It feels like there has been a world of change since Blues last played at home in front of a crowd. Just under 20,000 of us watched Blues throw away a 1-0 half time lead to go down 3-1 to Reading back on March 7.
With Prime Minister Boris Johnson telling the nation it could be as much as six months before we see an end to restrictions, it might end up being a whole calendar year of fans not being present at St Andrew’s.
Even with all the really good stuff happening around Blues right now, we have to acknowledge that there will be some financial consequences of that.
Unusually for Blues, I think the club are actually one of the clubs in a better position right now. Although Blues do owe a hefty wedge to the parent company Birmingham Sports Holdings, there are reasons to believe that Blues right now are somewhat secure.
Since the madness of the “Axis of Incompetence” summer back in 2017, Blues have done what they can to bring the club wage bill back to reasonable bounds. Cash has been raised with hefty figures for Che Adams and Jude Bellingham; and while some has been invested back in the team it’s obvious that there has been an attempt by the Blues board to be shrewder in doing so.
However, I think we have to understand where the club is at.
While everyone looks at headline transfer figures as an indicator of how much a club has spent, often the biggest commitment a team makes is wages. Unfortunately, getting accurate information on wages is very difficult, but there is a little bit we can go on.
This report from Reuters shows that in April of this year, the average wage of the top earner across 18 Championship clubs was £1.51million pa (a shade under £30k pw).
The last annual accounts for club for the season ending June 2019 show that Blues were forking out £32M in staff costs, across a staff of 233 people including 75 playing staff and 63 training staff.
I have no doubt those staff costs would have been somewhat reduced last season – but unfortunately I’m sure revenue will have also taken a massive hit.
The same accounts show that Blues turned over £23M, of which just over £5M came from match receipts, just under £8M came from broadcasting income and £10M came from commercial income.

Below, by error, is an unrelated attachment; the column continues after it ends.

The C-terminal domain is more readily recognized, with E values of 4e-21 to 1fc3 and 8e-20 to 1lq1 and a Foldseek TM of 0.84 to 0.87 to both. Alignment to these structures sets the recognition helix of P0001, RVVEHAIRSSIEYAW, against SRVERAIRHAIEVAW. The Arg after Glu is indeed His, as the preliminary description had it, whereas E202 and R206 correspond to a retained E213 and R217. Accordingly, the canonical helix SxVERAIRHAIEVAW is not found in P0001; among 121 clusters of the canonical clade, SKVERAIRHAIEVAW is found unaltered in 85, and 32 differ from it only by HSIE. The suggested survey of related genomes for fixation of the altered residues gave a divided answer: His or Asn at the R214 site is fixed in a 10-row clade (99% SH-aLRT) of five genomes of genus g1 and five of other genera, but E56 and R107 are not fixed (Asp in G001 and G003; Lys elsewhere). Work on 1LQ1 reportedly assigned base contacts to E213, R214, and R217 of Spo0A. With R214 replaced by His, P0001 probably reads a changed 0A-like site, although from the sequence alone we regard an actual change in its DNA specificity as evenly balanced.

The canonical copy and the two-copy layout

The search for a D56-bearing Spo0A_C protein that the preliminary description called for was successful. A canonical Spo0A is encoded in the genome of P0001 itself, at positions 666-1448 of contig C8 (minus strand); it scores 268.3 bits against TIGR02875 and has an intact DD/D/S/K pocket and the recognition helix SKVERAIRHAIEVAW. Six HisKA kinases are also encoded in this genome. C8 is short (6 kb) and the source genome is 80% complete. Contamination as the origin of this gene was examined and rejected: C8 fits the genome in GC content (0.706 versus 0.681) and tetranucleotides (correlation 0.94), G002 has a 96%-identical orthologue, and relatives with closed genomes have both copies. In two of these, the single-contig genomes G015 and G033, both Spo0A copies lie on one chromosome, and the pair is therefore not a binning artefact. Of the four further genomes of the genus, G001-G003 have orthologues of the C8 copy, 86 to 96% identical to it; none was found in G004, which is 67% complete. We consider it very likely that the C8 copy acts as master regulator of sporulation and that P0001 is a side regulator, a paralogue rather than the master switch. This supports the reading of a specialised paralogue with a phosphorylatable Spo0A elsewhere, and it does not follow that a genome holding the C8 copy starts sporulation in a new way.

We won’t see the 2019/2020 season accounts for a couple of months yet, but the BSH ones are due out next Wednesday and I’m morbidly interested to see how much the coronavirus outbreak has cost Blues in lost revenue.
This season is going to be even harder financially.
Blues will have received nothing so far in ticketing revenue as it has been impossible to sell any match tickets, let alone season tickets.
Commercial revenue will also be affected by a lack of matches at the stadium as sponsors will have been reluctant to stump up huge amounts for advertising that would not be seen. Not only that, but revenue earned from opening up St Andrew’s to corporate events in the week will also be reduced to zero.
From a financial perspective, Blues are lucky at least that the EFL are no longer requiring clubs to test their playing and training staff twice a week. At a cost of £150 per test, with 80-100 people needing testing each time the cost was mounting up to £25-30k per week; the cost of a top of the line squad player.
I get the impression EFL clubs have resisted that requirement due to the sheer costs involved; however, with issues like Leyton Orient apparently having 15 people testing positively for coronavirus prior to their Carabao Cup match with Spurs I do wonder how long it will be before the EFL changes their position.
All of this means that even though Blues have got some cash in from the Bellingham transfer, that they have to be careful not to commit to too much in salary etc for fear of hobbling themselves once again down the line.
I personally had hoped as cases of coronavirus reduced in the summer that we would see something of a return to normality over the autumn but the rapid increase in cases has somewhat put a dent into that right now and it’s difficult to see how quickly the pilot scheme to bring fans back could be reintroduced.
What’s important now for Blues is that not only they make progress on the pitch, but the BCFC board along with the powers that be at BSH work together to continue to secure the club’s future off of it.